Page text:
Thursday, January 24, 2013

Review: Titanic: Voices from the Disaster by Deborah Hopkinson

Review: Titanic: Voices from the Disaster by Deborah Hopkinson
Published by: Scholastic Press, an Imprint of Scholastic Inc, 2012
ISBN: 978-0-545-11674-9
Reading Level: Grades 5 and up

 I am a Newfoundlander. My grandfather on my mothers side was a sea captain and lived through at least one shipwreck. To leave my island you must take a boat or a plane - or swim, I guess! The Titanic has always been part of our consciousness - when I was a child we sang a campfire song about how "They built the ship Titanic just to sail the ocean blue" (full lyrics here). Even when I didn't know what it was, I knew of it. I knew of the perils of the sea and the majestic danger of ice burgs. I have gotten sunburned walking around the graveyard in Halifax looking for Titanic graves, I have spent time in exhibits in local museums looking at artifacts from the Titanic and replicas of items that might have been used. I even followed the live twitter feed last year as they tweeted as if it was real time and the ship was sinking. I have an interest in the subject matter - not necessarly a great knowledge but an interest, much of which was naturally obtained by my location and personal history.

This particular look at the Titanic is nicely done. Hopkinson takes the reader from the first short voyage with passengers, from London to Queenstown and then for it's final fatal voyage from Queenstown and onwards. Throughout the entire book there are pictures of life aboard the Titanic - some taken by passengers who were part of the first short voyage, others taken on ships with similar offerings as the Titanic. There are also copies of items such as work orders, menus, distress telegrams and other such print items to further illustrate the historical importance of the events contained within.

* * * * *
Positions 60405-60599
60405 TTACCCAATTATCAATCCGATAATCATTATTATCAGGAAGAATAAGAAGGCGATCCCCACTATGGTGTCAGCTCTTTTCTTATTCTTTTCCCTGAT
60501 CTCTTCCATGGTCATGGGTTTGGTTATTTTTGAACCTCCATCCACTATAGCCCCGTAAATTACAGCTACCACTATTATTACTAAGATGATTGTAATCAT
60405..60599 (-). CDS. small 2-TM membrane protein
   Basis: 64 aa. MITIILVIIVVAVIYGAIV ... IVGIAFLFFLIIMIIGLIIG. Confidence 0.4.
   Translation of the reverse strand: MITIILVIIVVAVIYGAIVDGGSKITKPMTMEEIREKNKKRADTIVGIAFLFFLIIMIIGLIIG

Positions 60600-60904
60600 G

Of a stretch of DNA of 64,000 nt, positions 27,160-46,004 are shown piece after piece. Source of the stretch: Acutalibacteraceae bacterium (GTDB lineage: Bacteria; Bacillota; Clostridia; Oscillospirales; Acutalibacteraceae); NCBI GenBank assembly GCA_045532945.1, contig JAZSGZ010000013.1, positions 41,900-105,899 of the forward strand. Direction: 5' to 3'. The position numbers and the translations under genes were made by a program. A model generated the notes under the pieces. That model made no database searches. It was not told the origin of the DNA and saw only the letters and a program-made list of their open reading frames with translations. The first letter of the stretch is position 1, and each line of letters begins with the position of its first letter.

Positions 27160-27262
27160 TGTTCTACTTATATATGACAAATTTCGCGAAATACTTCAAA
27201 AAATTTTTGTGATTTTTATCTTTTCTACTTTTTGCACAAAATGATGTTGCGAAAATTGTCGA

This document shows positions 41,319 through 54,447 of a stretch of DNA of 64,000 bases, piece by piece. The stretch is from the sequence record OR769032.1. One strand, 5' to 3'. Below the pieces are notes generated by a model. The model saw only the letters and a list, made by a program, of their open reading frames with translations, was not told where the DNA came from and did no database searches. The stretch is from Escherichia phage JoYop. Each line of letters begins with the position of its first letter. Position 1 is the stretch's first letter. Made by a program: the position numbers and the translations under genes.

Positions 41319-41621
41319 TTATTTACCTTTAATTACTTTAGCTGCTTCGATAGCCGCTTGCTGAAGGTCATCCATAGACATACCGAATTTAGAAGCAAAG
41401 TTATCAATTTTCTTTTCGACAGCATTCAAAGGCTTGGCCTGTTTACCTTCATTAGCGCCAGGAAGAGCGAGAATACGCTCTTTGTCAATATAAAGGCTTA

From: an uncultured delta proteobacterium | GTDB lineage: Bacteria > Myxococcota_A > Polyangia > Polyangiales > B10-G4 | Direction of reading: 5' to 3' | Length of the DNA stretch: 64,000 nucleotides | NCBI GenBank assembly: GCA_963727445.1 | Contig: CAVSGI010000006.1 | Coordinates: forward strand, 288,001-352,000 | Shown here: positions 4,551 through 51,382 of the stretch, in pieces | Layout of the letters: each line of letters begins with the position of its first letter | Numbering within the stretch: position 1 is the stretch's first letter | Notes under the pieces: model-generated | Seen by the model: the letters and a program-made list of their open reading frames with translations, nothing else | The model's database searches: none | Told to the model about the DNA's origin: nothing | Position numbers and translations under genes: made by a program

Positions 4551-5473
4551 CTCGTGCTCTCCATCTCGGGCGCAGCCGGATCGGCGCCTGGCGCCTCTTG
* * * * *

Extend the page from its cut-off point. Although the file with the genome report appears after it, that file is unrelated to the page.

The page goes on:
At times this book gets a little unclear as it jumps around from survivor to survivor. However, the clarity in which it describes the fatal voyage, while staying true to the young reading level makes up for any occasional lack of focus. The pictures will please readers who.want to see the historical items but are also a great addition when trying to "sell" this book to a reluctant reader.

I give this book a 4/5.

Goodreads Page

Wednesday, January 23, 2013

Review: Wondershow by Hannah Barnaby

    Review: Wondershow by Hannah Barnaby
    Published by: Houghten Mifflin Harcourt Publishing Company, 2012
    ISBN: 978-0-547-59980-9
    Reading Level: Grades 9 and up
Sometimes it's the little things about a book. Things which have nothing to do with the story. With this book, it was the dedication. It states:

    For the lost and the lonely
    For the different and the same
The longing and the beauty conveyed in these two lines made me realize I was in for a treat of a book. I was not disappointed.
To explain the plot of this story gets complicated and detailed. On the one hand, it's a story of a girl in search of her family who joins a circus, telling stories as a "normal" and finds her true family. On the other hand, this is the story of Portia, set in the United States during the 1930s. Portia is our main character - a young girl in search of her family. Portia has always had a way with stories. Her father was her constant audience; her mother was "lean and restless" and departed, leaving a space which was quickly closed and was never spoken of again. Her father and his moods controlled the stories Portia told and through that, as a young child she learned the art of storytelling, the difference between a lie and a tale and how a family can fly away. A visit to the circus was quickly followed by the disappearance of her father, leaving the two mixed in Portias mind: her father must have left to follow the circus. Portia is left with her Aunt, a no nonsense woman who taught Portia to cook and sew and who eventually decided that she was unable to care for Portia as she should be cared for. Portia is left in McGreavey's Home for Wayward Girls with the Mister, a man who uses the home as a front to get cheap labour - the girls are put to work sewing mail order uniforms or picking apples. Portia quickly becomes friends with Caroline, a girl who has caught the eye of Mister. She becomes one of the house girls, who, with Caroline and Delilah the cook, take care of the main home where Mister lives. It is there she finds the files and knows that Mister knows where her father is - she just has to earn his trust enough to be able to access it. When tragedy strikes, Portia leaves and finds the circus, hoping she can find her father, or, failing that, employment. Through the strength of her storytelling skills she finds a place as a "normal' in the Mosco's Traveling Wonder Show and it is there she discovers what family truly means.